The Charter defines a “recognized trademark” as having the same meaning as that found in the Canadian Trademarks Act. While the term “recognized trademark” is not defined in the Trademarks Act, the term is understood to capture both a “trademark” and a “registered trademark”.

Accordingly, a trademark for purposes of the Charter could currently include a registered trademark, a trademark application, and a mark in which common law trademark rights are asserted, with the latter point having been confirmed by a Quebec Court.[1]  

Proposed More Limited Trademark Exemption

The Bill proposes to limit the trademark exemption to just registered trademarks, i.e., a trademark that is on the Canadian Register of Trademarks. This narrower language suggests that pending applications would no longer be able to rely on the Charter’s trademark exemption. Similarly, case law that has previously upheld that common law trademarks are subject to the trademark exemption would likely no longer be applicable.

To become law, Bill 96 will need to advance through a number of legislative stages before it receives formal approval, which could potentially take several weeks or months.

 While omnibus amendments can result in the implementation of major legislative changes without the degree of scrutiny that accompanies stand-alone legislation, the Bill includes very far-reaching reforms, some of which could be expected to attract controversy, with the result that the Bill, and with it the proposed changes to the trademark exemption, could be delayed or not enacted at all. As currently drafted, the Bill provides a three-year transition period from enactment to afford businesses time to align trademark practices with the proposed new requirement.

Potential Implications for Organizations doing Business in Quebec

Should the Bill be enacted in its current form, businesses may need to rethink their trademark strategy in Quebec. Practically speaking, it may be difficult to obtain a full trademark registration prior to a product and/or service launch, as it currently usually takes three years or more for a trademark application to become a registered trademark.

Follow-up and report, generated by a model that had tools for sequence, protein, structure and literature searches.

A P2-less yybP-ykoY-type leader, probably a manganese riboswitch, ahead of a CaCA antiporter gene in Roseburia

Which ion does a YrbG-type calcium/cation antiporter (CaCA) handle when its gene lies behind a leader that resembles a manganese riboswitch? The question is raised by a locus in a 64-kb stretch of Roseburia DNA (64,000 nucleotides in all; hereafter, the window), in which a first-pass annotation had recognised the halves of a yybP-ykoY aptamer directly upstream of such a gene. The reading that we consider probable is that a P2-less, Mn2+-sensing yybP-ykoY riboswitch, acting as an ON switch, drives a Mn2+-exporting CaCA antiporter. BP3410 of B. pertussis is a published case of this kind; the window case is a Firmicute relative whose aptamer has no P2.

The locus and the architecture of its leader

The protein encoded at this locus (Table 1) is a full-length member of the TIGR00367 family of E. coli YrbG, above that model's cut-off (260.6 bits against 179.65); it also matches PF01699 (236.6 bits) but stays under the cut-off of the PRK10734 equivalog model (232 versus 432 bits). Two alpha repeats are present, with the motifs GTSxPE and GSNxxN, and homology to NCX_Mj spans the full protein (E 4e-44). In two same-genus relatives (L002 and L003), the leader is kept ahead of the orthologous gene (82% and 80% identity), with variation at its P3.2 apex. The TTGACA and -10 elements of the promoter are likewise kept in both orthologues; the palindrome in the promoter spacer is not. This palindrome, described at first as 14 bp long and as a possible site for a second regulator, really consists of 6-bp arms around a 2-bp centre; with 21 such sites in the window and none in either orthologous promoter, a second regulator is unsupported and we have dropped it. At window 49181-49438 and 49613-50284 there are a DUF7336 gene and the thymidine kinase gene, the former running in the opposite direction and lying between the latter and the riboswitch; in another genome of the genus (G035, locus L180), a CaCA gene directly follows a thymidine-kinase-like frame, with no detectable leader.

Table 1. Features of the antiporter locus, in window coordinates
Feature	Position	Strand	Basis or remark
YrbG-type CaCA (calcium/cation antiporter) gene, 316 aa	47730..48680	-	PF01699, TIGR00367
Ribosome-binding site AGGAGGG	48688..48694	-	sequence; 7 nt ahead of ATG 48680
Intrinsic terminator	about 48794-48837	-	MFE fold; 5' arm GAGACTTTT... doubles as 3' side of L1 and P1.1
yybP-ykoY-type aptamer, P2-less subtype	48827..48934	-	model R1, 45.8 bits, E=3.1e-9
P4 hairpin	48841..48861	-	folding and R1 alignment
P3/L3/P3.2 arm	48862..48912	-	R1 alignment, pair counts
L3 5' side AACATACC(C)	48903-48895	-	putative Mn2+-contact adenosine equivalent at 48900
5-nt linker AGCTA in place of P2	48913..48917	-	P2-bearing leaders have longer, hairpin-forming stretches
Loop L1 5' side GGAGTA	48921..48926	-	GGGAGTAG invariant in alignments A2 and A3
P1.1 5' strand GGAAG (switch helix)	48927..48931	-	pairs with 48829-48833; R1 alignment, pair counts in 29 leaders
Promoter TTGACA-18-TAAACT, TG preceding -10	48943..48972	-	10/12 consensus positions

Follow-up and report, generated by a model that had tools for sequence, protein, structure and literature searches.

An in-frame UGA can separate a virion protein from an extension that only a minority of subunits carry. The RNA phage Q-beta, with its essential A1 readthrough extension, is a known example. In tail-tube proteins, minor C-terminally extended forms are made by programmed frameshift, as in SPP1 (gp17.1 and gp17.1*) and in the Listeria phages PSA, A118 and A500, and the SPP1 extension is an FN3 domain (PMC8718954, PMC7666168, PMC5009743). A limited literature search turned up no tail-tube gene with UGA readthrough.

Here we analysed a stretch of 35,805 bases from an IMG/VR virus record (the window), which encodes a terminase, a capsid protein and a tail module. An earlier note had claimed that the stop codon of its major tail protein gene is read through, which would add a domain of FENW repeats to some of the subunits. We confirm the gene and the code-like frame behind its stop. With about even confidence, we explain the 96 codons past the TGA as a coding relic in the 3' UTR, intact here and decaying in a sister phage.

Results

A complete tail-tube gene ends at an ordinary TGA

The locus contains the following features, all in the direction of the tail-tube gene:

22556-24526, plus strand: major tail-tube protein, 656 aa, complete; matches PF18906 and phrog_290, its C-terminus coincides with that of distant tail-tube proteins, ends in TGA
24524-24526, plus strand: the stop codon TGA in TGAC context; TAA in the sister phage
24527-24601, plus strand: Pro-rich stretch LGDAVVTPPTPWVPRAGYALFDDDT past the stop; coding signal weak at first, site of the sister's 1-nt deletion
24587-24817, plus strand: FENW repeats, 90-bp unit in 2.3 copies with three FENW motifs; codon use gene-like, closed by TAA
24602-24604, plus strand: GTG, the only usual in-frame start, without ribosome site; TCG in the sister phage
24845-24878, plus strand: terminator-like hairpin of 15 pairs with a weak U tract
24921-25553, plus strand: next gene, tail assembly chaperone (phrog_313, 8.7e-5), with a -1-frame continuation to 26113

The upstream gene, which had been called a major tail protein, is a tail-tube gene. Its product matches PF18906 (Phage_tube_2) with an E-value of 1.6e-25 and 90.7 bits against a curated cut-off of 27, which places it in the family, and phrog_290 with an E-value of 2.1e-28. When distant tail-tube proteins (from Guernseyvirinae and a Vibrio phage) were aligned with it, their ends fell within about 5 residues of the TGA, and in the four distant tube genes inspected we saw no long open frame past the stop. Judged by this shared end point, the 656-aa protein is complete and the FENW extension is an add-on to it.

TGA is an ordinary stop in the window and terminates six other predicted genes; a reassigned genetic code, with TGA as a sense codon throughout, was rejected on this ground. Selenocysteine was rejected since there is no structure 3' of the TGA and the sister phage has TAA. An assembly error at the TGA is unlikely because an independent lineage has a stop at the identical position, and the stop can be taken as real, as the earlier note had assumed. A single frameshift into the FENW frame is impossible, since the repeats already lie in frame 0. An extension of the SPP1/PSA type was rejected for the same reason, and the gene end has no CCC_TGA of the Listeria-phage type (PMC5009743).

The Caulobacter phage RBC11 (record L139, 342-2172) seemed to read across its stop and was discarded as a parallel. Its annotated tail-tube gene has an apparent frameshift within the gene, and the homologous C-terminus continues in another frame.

In the event the proposed Bill is enacted, businesses will want to consider:

  • developing a trademark filing strategy well in advance of product launches, i.e., allowing at least three years from trademark filing to registration where possible; 
  • filing trademark applications for any common law trademarks; and
  • creating and using unique and inherently registrable trademarks and logos in order to increase the chances of getting trademark applications "quickly" through to registration (for example, due to less possibility of confusion and/or descriptiveness/non-distinctiveness objections from  Examiners).

If the Bill is passed, there is currently no indication as to the level of potential enforcement by the OQLF. However, in September 2020, the OQLF received additional government funding sufficient to double the size of its enforcement team, which suggests a renewed interest in enforcement generally.

  • While the Bill will likely have to overcome hurdles, changes to the trademark exemption amendment are likely a real possibility, and organizations should monitor the Bill and take immediate steps if it is passed into legislation.